Battles of the War
The Battle of Churubusco
The Battle of Churubusco, fought on August 20, 1847, was part of a larger operation by U.S. forces under General Winfield Scott against Mexican General Antonio Lopez de Santa Anna’s defense of Mexico City. U.S. troops faced a daunting challenge of rooting out these forces from several carefully prepared defensive positions. Scott wanted to eliminate these positions in detail. He divided his army, sending half to eliminate a Mexican force on the westernmost of these roads, while he faced the Mexicans at San Antonio.
The destruction of Mexican General Gabriel Valencia’s force at Contreras in the early morning hours of August 20 uncovered a route to the Mexican rear. Santa Anna ordered his forces to abandon San Antonio. He ordered General Pedro Anaya to cover this retreat by occupying the fortified convent, town, and river crossing at the village of Churubusco three miles north of San Antonio.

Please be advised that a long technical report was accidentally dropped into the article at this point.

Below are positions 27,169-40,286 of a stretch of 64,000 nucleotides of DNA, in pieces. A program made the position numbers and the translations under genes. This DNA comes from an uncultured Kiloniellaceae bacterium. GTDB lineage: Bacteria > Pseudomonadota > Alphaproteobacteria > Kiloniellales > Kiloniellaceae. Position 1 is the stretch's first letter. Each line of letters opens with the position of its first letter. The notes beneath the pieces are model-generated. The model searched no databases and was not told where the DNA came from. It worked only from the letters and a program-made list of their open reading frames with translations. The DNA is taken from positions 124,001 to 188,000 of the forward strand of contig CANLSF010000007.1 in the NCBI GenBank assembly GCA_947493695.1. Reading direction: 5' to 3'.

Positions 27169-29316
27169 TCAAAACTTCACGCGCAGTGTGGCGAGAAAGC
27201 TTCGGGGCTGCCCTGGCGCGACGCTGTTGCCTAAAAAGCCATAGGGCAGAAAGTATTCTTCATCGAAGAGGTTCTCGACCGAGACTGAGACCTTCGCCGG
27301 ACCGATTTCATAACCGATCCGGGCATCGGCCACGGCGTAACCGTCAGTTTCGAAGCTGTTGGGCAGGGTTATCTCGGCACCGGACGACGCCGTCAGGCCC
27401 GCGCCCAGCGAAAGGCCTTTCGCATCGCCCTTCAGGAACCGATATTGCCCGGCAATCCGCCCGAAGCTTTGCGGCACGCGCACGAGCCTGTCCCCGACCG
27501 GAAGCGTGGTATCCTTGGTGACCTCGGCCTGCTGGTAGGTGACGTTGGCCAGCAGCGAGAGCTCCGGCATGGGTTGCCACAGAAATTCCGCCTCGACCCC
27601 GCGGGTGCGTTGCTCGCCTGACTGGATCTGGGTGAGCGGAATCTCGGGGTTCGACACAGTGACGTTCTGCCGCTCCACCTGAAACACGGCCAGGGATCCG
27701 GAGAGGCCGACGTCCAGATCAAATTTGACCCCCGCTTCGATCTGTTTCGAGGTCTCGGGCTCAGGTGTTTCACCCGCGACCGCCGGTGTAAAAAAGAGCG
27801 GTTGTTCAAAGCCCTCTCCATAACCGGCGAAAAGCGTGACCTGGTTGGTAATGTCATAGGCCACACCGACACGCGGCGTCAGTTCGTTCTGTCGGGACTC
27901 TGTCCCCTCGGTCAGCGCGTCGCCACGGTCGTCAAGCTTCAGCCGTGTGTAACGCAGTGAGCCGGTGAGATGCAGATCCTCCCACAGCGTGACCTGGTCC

Scott’s forces, in close pursuit, attacked Anaya at Churubusco, but were checked by its defenders. The Americans regrouped and continued a relentless battering of the Mexican position throughout the day. To the west, forces under generals Gideon Pillow and David Twiggs fought their way across the Rio Churubusco. Anaya, aware that he would soon be surrounded, slipped away across the river, his retreat covered by the timely arrival of reinforcements. The two battles—Contreras and Churubusco—had eliminated 10,000 Mexican troops from the defense of the city, and resulted in the loss of 1,000 killed, wounded, and missing Americans.